Never work underneath a poorly supported vehicle .
Never mess about with the airbag circuitry. Leave it to the professionals. Use the correct tools. Cheap tools can be dangerous and are a waste of time.
Five Tips to Saving Money on a Car
The costs of both purchasing and maintaining a car can quickly become overwhelming, but public transportation is not always a viable option. Knowing how to make an astute purchasing decision and self-maintaining your vehicle will help keep costs lower, as will knowing when to consult a mechanic. Here are five tips for saving money on your car from purchase to trade-in.
Don't be seduced by fancy options. Car dealerships love to shout about the all-leather interior or all-wheel drive. However, paying for options you don't want or need is a waste of money. You also need to consider that many of the high-end options cost more to maintain and repair. If you don't want certain options, don't pay for them. Furthermore, if you're planning on purchasing a used car, pay cash for the car.
Learn how to change your own oil. This will save you money in two different ways. First, you can save big by purchasing your own supplies and doing it yourself. Second, you will know that the oil put into your car is new and of the correct weight, in addition to being absolutely sure that the oil plug is replaced correctly. While most oil change establishments are legitimate, there have been reports of recycled or inferior oils being used unbeknownst to the customers. There is also always the possibility that the oil plug has not been replaced. As improper oil changing can ruin your engine, it pays to learn to do it yourself.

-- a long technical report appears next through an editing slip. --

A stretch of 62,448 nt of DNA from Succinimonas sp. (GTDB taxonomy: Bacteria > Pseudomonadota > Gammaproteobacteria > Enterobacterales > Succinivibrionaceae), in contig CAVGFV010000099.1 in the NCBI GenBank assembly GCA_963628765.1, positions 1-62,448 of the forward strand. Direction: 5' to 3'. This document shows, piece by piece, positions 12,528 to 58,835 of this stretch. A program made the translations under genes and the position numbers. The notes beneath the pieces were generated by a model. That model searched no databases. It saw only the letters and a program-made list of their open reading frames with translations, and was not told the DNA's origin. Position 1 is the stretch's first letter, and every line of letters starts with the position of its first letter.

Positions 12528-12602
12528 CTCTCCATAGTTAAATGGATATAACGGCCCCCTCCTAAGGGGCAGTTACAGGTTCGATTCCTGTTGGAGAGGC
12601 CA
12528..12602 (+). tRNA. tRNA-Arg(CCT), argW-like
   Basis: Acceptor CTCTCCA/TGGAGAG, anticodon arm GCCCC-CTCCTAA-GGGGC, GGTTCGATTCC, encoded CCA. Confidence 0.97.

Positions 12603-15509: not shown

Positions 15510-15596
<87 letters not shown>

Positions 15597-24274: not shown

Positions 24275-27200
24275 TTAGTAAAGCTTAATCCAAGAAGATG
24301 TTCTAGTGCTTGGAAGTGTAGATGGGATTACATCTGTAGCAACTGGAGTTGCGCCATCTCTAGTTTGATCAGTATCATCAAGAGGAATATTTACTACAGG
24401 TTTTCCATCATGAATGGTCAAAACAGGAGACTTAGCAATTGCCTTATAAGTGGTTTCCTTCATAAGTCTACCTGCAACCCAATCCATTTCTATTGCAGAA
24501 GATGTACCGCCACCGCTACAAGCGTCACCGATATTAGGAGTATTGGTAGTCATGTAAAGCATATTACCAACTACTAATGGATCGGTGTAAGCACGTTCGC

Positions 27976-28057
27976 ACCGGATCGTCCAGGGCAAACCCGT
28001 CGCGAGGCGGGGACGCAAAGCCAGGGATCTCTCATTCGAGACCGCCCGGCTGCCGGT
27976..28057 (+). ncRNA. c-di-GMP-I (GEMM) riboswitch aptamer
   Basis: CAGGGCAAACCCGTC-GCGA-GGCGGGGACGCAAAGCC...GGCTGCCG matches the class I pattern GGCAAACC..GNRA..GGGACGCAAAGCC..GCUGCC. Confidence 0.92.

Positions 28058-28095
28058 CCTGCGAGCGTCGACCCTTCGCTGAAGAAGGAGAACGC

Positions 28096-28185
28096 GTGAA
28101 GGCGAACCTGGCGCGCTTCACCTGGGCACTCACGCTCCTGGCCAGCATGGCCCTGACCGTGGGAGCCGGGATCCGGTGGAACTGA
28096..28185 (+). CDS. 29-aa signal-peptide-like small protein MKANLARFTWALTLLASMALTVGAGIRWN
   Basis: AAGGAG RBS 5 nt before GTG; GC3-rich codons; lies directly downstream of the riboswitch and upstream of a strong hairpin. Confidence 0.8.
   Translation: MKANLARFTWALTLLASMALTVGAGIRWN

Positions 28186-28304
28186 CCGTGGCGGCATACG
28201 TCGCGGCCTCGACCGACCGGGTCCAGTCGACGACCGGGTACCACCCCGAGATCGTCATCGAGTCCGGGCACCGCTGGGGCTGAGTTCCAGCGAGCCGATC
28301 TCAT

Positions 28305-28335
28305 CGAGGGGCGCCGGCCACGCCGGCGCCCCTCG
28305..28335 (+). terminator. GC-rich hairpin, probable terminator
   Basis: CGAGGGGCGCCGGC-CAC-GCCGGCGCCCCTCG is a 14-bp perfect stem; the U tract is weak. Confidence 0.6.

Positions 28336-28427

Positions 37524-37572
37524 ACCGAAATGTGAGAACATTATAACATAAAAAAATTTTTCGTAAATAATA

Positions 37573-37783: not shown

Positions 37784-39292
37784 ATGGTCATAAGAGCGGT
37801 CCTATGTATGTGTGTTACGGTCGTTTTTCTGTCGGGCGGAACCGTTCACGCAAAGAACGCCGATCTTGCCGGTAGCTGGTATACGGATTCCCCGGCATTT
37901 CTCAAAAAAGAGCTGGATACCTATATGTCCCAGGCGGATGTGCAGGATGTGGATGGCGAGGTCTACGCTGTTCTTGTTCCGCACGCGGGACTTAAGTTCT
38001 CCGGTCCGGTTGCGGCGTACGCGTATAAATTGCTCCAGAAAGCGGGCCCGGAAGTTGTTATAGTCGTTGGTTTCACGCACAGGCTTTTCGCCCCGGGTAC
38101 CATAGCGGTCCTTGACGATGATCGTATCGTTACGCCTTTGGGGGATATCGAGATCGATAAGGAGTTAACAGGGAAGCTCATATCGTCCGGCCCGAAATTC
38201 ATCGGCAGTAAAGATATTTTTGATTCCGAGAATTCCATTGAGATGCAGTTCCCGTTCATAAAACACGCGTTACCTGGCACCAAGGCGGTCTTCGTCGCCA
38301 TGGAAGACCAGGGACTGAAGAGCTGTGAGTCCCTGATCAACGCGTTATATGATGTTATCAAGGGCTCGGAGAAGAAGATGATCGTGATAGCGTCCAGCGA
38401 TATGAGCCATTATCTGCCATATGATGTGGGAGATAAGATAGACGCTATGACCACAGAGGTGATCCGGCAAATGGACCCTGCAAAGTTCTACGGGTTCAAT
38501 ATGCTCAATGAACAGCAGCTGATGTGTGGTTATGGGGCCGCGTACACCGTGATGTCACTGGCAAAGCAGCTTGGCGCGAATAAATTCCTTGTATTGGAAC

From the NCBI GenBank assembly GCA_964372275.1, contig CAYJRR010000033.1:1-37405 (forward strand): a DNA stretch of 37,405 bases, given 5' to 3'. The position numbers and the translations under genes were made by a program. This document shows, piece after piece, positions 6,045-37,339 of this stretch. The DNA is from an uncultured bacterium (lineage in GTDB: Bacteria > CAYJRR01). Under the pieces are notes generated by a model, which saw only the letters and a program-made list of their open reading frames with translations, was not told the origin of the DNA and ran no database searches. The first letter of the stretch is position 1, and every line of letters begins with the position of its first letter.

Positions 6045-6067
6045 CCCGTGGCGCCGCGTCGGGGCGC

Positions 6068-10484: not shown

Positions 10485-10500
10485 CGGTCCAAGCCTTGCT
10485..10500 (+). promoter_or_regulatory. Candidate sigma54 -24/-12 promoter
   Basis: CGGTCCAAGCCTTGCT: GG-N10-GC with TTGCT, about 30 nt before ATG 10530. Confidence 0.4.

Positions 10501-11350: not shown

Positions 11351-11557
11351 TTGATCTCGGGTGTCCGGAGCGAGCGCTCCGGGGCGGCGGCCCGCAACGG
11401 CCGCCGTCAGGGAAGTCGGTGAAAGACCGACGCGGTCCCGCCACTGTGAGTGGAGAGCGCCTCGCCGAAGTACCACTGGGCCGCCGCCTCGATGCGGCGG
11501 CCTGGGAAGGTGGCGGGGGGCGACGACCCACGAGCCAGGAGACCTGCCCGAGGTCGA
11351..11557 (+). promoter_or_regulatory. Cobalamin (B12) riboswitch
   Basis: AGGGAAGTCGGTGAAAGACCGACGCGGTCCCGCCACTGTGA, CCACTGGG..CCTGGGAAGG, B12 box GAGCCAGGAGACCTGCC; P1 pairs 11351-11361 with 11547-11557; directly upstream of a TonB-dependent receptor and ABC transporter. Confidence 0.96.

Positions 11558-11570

If you drive an automatic transmission, use your parking brake. When you park your car, using just the parking gear on your transmission selector places tremendous strain on the parking pawl. It resembles a small pin. If the pawl snaps off, it can render your transmission useless. You can reduce that strain by using the parking brake every time you park. As the cost of a transmission rebuild can cost thousands of dollars, training yourself to do this can save you quite a chunk of change.
Use the right fuel type for your particular car. Follow the manufacturer's suggestion and use the type of fuel listed in the owner's manual. While you may think that a higher octane gas will boost engine performance, using the type recommended by the manufacturer will extend the life of your engine and prevent wear and tear.
Know your mechanic. Even for the most routine maintenance, you should use a mechanic that has been recommended to you. An incompetent mechanic can damage your vehicle and cost you outrageous amounts of money.
Using these five tips will help you save money while still owning the vehicle you need. Performing routine maintenance yourself, knowing your mechanic, and not paying for fancy options are all wallet-friendly ideas for saving money on you vehicle.